Chewy notches $1 billion in quarterly sales, yet signs of a pet supplement bubble persist

By Hank Schultz contact

- Last updated on GMT

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Getty Images

Related tags: pet health

Pet supplements and food seller Chewy notched more than $1 billion in revenue in its second quarter. But in a sign that the pet products sphere might be sitting on a bubble, the company’s share price has dropped and it continues to lose money.

Chewy, a subsidiary of PetSmart, reported a 43% year-over-year rise in sales.  The outlook for its first full year since its IPO earlier this year calls for year over year sales growth of as much as 36% and a full year top line revenue figure of as much as $4.75 billion. 

Losses mount

But the company is spending a lot to secure those sales.  According to information presented in an earnings call with analysts last week, the company lost almost $83 million in its second quarter.  The company’s share price is up slightly in the past few days but overall has declined from a high of more than $35 a share in June to about $26 today.

Pet supplements have become a huge business as ‘pet parents’ (Chewy’s term for its customers) have demonstrated an increasing willingness to spend on their pets’ health and wellness needs.  Chewy lists more than 2,300 dog, cat and equine vitamins & supplements products for sale on its website. 

This is in spite of the fact that pet supplements exist within an ill defined regulatory framework. Bill Bookout, president of the National Animal Supplement Council, told NutraIngredients-USA that pet supplements exist within a pre-DSHEA regulatory scheme​.

Growing market

The market for dog, cat and equine supplements was notched at slightly less than $2 billion in 2017.  One market report pegs the global market for such products as more than $6 billion ​in 2019, projected to grow to about $8 billion in 2023. 

Chewy CEO Sumit Singh said the call that the company is betting on a new data management platform to help it both drive better margins and personalize its offerings.  Personalized nutrition, but for pets, not people, in other words.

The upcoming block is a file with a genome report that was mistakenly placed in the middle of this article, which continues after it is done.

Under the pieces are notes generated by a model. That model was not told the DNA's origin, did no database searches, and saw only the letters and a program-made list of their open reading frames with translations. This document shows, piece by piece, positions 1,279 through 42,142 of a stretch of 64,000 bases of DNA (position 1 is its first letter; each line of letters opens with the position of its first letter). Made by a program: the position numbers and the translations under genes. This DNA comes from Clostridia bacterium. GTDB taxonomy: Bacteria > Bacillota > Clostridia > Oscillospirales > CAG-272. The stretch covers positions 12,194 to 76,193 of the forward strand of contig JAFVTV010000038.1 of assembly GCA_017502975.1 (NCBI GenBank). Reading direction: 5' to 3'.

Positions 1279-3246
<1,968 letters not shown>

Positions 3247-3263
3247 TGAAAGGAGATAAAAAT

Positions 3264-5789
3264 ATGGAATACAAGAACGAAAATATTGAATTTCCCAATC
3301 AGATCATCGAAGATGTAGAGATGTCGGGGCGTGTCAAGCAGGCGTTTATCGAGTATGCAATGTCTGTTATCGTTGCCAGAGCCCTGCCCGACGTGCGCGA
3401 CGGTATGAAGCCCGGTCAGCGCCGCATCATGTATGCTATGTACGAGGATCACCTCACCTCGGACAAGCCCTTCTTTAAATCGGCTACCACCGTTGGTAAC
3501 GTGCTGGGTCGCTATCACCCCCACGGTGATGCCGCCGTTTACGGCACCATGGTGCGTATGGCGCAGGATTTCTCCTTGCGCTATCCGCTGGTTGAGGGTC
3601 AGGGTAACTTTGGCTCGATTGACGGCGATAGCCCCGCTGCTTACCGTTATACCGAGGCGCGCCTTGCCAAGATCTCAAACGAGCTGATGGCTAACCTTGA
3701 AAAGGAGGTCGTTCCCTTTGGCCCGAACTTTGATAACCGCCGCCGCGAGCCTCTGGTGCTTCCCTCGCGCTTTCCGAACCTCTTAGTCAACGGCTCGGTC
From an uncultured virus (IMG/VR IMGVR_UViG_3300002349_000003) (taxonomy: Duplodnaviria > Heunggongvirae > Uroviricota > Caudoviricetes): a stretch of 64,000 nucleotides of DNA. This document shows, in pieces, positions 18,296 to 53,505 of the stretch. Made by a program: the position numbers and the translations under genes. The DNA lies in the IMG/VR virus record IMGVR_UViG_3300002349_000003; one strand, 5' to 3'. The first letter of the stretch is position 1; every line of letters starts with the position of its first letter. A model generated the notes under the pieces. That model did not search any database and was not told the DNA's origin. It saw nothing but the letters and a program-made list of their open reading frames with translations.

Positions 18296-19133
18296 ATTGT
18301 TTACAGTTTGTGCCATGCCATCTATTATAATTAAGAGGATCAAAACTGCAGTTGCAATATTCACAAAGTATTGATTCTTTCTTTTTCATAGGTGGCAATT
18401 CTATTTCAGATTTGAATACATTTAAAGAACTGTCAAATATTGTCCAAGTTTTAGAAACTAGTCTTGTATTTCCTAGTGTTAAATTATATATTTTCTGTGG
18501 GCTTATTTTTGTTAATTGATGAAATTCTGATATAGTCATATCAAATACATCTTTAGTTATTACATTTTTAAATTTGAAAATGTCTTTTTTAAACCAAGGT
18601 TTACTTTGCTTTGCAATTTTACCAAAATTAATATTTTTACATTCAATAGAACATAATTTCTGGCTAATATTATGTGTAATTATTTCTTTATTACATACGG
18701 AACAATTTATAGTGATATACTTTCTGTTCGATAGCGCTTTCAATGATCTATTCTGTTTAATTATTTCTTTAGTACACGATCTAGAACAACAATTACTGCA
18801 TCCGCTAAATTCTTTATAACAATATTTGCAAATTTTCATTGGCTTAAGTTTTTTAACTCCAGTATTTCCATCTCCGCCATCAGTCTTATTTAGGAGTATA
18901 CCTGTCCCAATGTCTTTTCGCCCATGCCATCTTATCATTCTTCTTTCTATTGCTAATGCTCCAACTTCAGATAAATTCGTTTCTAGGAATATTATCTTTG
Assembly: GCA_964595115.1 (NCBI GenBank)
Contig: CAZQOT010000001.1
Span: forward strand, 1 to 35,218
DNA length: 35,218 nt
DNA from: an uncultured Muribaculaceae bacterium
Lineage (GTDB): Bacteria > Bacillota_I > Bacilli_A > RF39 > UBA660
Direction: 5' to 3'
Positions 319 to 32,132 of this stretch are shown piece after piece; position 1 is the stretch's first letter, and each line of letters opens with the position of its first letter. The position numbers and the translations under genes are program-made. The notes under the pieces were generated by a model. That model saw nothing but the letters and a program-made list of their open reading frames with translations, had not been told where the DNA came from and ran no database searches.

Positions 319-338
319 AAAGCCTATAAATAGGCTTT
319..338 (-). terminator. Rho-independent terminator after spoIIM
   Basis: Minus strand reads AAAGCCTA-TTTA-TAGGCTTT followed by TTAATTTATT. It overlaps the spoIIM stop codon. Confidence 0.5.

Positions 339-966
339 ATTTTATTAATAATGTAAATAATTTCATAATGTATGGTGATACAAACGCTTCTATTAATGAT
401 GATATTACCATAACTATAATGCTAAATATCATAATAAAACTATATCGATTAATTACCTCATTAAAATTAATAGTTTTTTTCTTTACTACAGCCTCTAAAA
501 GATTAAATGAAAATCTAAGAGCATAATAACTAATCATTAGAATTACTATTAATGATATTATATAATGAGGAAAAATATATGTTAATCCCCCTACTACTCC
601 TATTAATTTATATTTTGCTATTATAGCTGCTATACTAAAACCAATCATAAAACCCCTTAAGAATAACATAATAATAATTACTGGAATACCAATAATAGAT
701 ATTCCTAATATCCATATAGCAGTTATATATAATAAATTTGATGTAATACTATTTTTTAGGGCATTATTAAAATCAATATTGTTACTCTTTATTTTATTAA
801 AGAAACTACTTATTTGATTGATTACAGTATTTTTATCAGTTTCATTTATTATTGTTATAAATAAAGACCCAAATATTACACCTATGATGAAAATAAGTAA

“We have the millions of active pet profile data that allows us to connect and personalize that experience into a customer, but not just that, when we recognized health and wellness needs, we can actually surface that and connect the pet parent to the vet community,”​ Singh said.  His comments were excerpted from a transcript posted on the site seekingalpha.com​.

Innovation in the pets supplements space parallels that of human supplements, with new ingredients and modes of delivery appearing regularly. But the hottest ingredient out there should come as no surprise: CBD and/or hemp​.  For its part, Chewy lists 36 hemp/CBD products for sale on its website. The regulatory questions for hemp pet supplements are just as tangled as they are for human supplements​.

Sitting on a bubble?

Even so, there are signs that the enthusiasm for these products on the part of investors may have outpaced the true opportunity. Influential hedge fund manager David Einhorn has placed both Chewy and fellow online supplement seller pets.com on his ‘bubble poster boys’ list​.  Einhorn notes that Chewy has burned through more than $1.6 billion in investors’ capital, while pets.com has spent more than $200 million.

Related topics: Markets, The changing retail landscape

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